1.29 Policies in plans should allow a good mix of sites to come forward for development, so that there is choice for consumers, places can grow in ways that are sustainable, and there are opportunities for a diverse construction sector. Small sites create particular opportunities for custom builders and smaller developers. They can also help to meet rural housing needs in ways that are sensitive to their setting while allowing villages to thrive.

 Planning application and associated documents

Strategic planning consultant

Policy DEV8, criterion1 (i) specifically identified the need to ‘redress an imbalance within the existing housing stock’. With that in mind, I think we can legitimately resist a proposal that not only fails to meet the policy requirements, but so overtly perpetuates the imbalance within the parish. It will also do nothing to increase the accessibility/affordability of housing within the local area, or meet the needs of groups identified in criterion 1(iii) as highlighted by Cass.

In terms of the starting point for housing mix conversations, table 4.4b in the SHMNA part 2 provides an up-to-date analysis of ‘need’:


Highways Consultation reply has either not read the application or has been misinformed as they say ‘The Highway Authority notes the proposals will reduce traffic from the extant 16 bedroom hotel permission on the site’. However the application says they will provide 18 parking spaces. See Planning Application ’10 Vehicle Parking’.

In addition the Highways Consultation says ‘ Note – A bin store will need to be sited within 20m of the public highway.’ Whereas the application says waste disposal facilities will be provided for adjacent to the houses. These will be more than 20 metres from the highway. It should also be noted that there is no site adjacent to the public highway for bin storage.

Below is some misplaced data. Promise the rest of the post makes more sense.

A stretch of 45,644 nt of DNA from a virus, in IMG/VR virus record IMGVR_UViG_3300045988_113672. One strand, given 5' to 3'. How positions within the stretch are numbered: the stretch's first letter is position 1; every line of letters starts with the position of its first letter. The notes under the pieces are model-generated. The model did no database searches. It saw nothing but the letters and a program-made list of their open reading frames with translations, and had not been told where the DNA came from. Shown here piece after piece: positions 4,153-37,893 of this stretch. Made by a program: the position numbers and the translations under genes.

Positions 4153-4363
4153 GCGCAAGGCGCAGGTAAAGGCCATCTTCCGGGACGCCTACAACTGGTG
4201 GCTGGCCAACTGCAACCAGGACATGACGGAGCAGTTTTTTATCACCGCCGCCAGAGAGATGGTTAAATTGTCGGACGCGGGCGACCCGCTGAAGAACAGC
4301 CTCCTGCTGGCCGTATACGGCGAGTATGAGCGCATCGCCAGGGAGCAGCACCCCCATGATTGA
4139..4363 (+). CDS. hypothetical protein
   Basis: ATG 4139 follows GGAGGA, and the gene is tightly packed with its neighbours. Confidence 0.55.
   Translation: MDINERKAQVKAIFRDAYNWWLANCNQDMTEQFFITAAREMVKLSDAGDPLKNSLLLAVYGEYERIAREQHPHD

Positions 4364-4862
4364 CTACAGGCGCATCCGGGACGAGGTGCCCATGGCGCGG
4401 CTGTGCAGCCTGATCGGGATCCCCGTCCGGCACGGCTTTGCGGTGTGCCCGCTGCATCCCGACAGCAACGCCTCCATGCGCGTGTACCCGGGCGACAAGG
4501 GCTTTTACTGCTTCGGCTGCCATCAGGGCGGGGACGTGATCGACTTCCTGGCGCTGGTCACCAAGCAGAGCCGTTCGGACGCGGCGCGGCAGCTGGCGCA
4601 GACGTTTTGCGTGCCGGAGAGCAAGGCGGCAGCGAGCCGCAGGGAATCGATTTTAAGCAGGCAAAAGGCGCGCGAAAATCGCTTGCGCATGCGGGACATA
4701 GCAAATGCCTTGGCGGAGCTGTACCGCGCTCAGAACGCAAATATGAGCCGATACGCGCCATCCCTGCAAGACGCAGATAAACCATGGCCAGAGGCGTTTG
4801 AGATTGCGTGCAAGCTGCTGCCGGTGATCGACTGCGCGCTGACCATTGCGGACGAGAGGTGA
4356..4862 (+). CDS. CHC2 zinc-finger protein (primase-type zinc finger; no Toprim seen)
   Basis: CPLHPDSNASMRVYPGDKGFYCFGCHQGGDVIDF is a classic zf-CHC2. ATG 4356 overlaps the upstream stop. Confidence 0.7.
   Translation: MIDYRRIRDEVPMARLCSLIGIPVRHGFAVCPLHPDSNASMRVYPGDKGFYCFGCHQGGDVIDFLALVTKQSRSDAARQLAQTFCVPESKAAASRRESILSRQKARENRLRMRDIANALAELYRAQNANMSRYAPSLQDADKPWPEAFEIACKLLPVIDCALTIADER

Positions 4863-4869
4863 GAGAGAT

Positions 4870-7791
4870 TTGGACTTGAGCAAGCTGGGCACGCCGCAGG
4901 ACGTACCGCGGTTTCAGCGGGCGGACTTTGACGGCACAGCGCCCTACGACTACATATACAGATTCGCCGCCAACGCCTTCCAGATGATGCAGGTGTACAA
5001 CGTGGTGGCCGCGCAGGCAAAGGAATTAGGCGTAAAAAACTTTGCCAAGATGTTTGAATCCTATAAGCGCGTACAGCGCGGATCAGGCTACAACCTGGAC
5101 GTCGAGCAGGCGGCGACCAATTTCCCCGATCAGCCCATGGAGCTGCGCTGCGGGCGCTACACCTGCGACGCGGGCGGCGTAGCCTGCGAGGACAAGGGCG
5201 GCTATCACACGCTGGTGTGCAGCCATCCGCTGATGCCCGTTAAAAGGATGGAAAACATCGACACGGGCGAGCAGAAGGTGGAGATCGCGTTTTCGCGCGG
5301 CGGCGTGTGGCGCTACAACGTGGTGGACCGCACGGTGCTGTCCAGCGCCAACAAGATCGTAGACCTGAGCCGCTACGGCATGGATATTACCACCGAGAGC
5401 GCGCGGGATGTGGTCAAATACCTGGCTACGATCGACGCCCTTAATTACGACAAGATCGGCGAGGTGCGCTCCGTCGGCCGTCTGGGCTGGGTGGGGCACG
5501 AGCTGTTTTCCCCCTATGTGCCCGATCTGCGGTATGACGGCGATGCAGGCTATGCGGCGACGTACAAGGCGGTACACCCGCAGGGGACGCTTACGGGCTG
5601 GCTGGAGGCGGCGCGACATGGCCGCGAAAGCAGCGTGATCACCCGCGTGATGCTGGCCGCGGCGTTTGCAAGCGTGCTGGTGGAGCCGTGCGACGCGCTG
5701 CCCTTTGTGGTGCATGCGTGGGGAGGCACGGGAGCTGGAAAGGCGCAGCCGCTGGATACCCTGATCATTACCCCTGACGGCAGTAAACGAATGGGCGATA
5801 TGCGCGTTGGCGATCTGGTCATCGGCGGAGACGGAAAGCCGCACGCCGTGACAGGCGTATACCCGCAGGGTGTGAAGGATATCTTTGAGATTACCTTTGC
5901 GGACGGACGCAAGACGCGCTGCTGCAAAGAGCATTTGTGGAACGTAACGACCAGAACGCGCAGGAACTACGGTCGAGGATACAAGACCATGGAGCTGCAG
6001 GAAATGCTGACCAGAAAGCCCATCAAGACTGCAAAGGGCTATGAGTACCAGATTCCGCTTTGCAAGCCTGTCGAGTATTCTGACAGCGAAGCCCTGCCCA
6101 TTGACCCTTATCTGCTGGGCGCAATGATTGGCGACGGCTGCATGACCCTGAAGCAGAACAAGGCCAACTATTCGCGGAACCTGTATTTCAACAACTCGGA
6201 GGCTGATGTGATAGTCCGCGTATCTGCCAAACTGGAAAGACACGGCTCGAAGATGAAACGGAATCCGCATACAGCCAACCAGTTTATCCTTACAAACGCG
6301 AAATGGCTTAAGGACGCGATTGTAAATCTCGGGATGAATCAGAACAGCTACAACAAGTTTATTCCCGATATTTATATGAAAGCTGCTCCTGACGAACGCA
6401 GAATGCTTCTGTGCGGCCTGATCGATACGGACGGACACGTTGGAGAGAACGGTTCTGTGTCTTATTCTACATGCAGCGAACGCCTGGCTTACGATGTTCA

Therefore the Recommendation:


Notes on Planning Application

  1. Waste Storage and Collection does not comply to the Highways Consultation criteria.
  2. This building is not redundant; hotel accommodation is desperately needed locally to provide both employment and revenue to the local economy. The hotel has been deliberately run down through lack of investment. Use has only been terminated recently having been used for ‘group’ rentals.
  3. Planning Application 24 asks: ‘Can the site be seen from a public road, public footpath, bridleway or other public land?’ to which the applicant states ‘no’. This is completely incorrect; the site CAN BE SEEN from several public roads, footpaths and public land and is situated in an ‘AONB’ .
  4. This declaration is false as demonstrated in section 24.

Design and Access Statement

1.3 The existing building has been used up until 2014 to provide group accommodation for parties. To Suggest it has not been used ‘in its full capacity since 1993 is disingenuous.

14.0 It should not be acceptable to deliberately run down a commercial enterprise purely for the purpose of exploiting the local community for excessive profits.

Where is the Economic Viability Study that was being prepared to be submitted with the full application regarding both the potential loss of the Hotel and the provision of housing in its place. This should be provided for public scrutiny.


Plantation House

From: “Geoffrey Osborn.
Subject: Re: Plantation House, Bennet Road Salcombe TQ8 8JJ
Date: 19 March 2018 15:50:48 GMT

Re: Plantation House, Bennett Road Salcombe TQ8 8JJ

Dear Viv et al,
I was alerted to this from Cathy, via Bob Harvey, the other day.
This is my response to them, fyi:

“Dear Cathy and Bob,

Many thanks for forwarding Cathy’s email, Bob. I entirely agree that the wooded areas in this part of Salcombe are a priceless asset, which ought to be preserved for posterity, as they help to give Salcombe its unique character, especially when viewed from the estuary.